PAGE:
>>> I think what Josh said is right.  However, we proposed having all of
>>> the new labeled axis access pushed to a .aix (or whatever) method, so
>>> as to avoid any confusion, as the original object can be accessed just
>>> as an ndarray.  I'm not sure where this leaves us vis-a-vis ints as
>>> ticks.
>>> Skipper
>>> _______________________________________________
>>> NumPy-Discussion mailing list
>>> NumPy-Discussion@scipy.org
>>> http://mail.scipy.org/mailman/listinfo/numpy-discussion
>> Sorry re: posting at-top. I guess habit surpassed observation of
>> community norms for a second there. Whups!
>> My opinion on the matter is that, as a matter of "purity," labels
>> should all have the string datatype. That said, I'd imagine that
>> passing an int as an argument would be fine, due to python's
>> loosey-goosey attitude towards datatypes. :) That, or, y'know,
>> str(myint).
> Ideally (for me), the only requirement for ticks would be hashable and
> unique along any one axis. So, for example, datetime.date() could be a
> tick but a list could not be a tick (not hashable).
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Gmail needs to really get its act and enable bottom-posting by
default. Definitely an annoyance

There are many issues at play here so I wanted to give some of my
thoughts re: building pandas, larry, etc. on top of DataArray (or
whatever it is that makes its way into NumPy), can put this on the
wiki, too:

1. Giving semantic information to axes (not ticks, though)

I think this is very useful but wouldn't be immediately useful in
pandas except perhaps moving axis names elsewhere (which are currently
a part of the data-structures and always have the same name). I
wouldn't be immediately comfortable say, making a pandas DataFrame a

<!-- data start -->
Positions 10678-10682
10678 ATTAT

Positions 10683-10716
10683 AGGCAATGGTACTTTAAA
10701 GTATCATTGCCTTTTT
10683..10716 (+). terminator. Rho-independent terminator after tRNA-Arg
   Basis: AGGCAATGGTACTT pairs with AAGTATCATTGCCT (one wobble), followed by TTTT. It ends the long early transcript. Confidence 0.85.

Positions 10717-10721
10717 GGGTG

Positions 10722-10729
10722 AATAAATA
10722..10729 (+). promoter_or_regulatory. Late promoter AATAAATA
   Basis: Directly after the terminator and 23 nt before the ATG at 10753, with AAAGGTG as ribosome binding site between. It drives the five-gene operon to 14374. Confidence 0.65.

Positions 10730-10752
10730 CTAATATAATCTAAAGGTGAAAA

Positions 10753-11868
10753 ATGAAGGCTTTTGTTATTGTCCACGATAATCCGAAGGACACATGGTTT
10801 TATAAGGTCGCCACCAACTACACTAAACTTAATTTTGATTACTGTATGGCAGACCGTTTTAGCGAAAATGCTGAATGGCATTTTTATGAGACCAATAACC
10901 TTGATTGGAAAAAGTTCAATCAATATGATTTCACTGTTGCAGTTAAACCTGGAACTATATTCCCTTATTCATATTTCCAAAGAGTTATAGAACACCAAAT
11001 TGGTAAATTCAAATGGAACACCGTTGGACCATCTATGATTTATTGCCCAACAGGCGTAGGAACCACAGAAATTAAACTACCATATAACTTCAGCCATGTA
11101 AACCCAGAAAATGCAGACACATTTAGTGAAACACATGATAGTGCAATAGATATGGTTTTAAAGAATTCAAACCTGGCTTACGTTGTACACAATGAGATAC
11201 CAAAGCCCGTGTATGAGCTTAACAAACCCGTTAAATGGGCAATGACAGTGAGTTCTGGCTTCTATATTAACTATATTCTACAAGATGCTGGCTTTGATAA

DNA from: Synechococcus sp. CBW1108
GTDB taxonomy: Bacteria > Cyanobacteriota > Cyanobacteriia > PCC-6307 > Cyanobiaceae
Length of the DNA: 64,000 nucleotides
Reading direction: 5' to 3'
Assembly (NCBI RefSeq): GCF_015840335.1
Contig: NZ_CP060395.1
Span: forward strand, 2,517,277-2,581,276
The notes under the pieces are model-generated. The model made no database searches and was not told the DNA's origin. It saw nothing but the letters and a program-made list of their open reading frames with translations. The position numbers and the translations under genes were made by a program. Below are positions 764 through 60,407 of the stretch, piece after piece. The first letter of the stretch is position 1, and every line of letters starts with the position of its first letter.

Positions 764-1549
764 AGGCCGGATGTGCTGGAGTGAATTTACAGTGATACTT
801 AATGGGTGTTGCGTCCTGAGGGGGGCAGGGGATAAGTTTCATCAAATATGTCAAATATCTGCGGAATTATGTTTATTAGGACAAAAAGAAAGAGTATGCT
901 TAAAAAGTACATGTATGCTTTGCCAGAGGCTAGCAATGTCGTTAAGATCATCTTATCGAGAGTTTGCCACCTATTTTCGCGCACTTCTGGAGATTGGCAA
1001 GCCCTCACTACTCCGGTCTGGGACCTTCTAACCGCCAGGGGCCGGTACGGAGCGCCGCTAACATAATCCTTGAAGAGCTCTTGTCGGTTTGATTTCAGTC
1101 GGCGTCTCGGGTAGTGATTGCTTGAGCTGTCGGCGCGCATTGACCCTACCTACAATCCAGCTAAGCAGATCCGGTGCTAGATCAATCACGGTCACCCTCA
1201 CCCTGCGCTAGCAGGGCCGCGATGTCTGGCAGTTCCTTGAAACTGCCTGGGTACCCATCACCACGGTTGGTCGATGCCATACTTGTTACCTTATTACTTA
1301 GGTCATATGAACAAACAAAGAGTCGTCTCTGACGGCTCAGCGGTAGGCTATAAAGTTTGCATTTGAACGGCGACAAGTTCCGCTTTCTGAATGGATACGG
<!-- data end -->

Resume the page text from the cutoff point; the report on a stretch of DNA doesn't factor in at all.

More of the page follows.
subclass of DataArray and making them implicitly interoperable. Going
back and forth e.g. from DataArray and DataFrame *should* be an easy
operation-- you could imagine using DataArray to serialize both pandas
and larry objects for example!

2. Container for axis metadata (Axis object in datarray, Index in pandas, ...)

I would be more than happy to offload the "ordered set" data structure
onto NumPy. In pandas, Index is that container-- it's an ndarray
subclass with a handful of methods and a reverse index (e.g. if you
have ['d', 'b', 'a' 'c'] you have a dict somewhere with {'d' : 0, 'b'
: 1, ...} for O(1) lookups). I'm producing the reverse index in Cython
at object creation time-- Keith recently added the same thing (Cython)
to larry to get a speed boost, but he does it only when needed. It's
also nice to have some other convenience methods in this object, like
set operations.

In pandas, there is also the DateRange class (subclass of Index, so
recognized as valid by the data structures) which has a sequence of
Python datetime objects and frequency information. IMHO this should
all go inside NumPy and leverage the datetime64 dtype. With date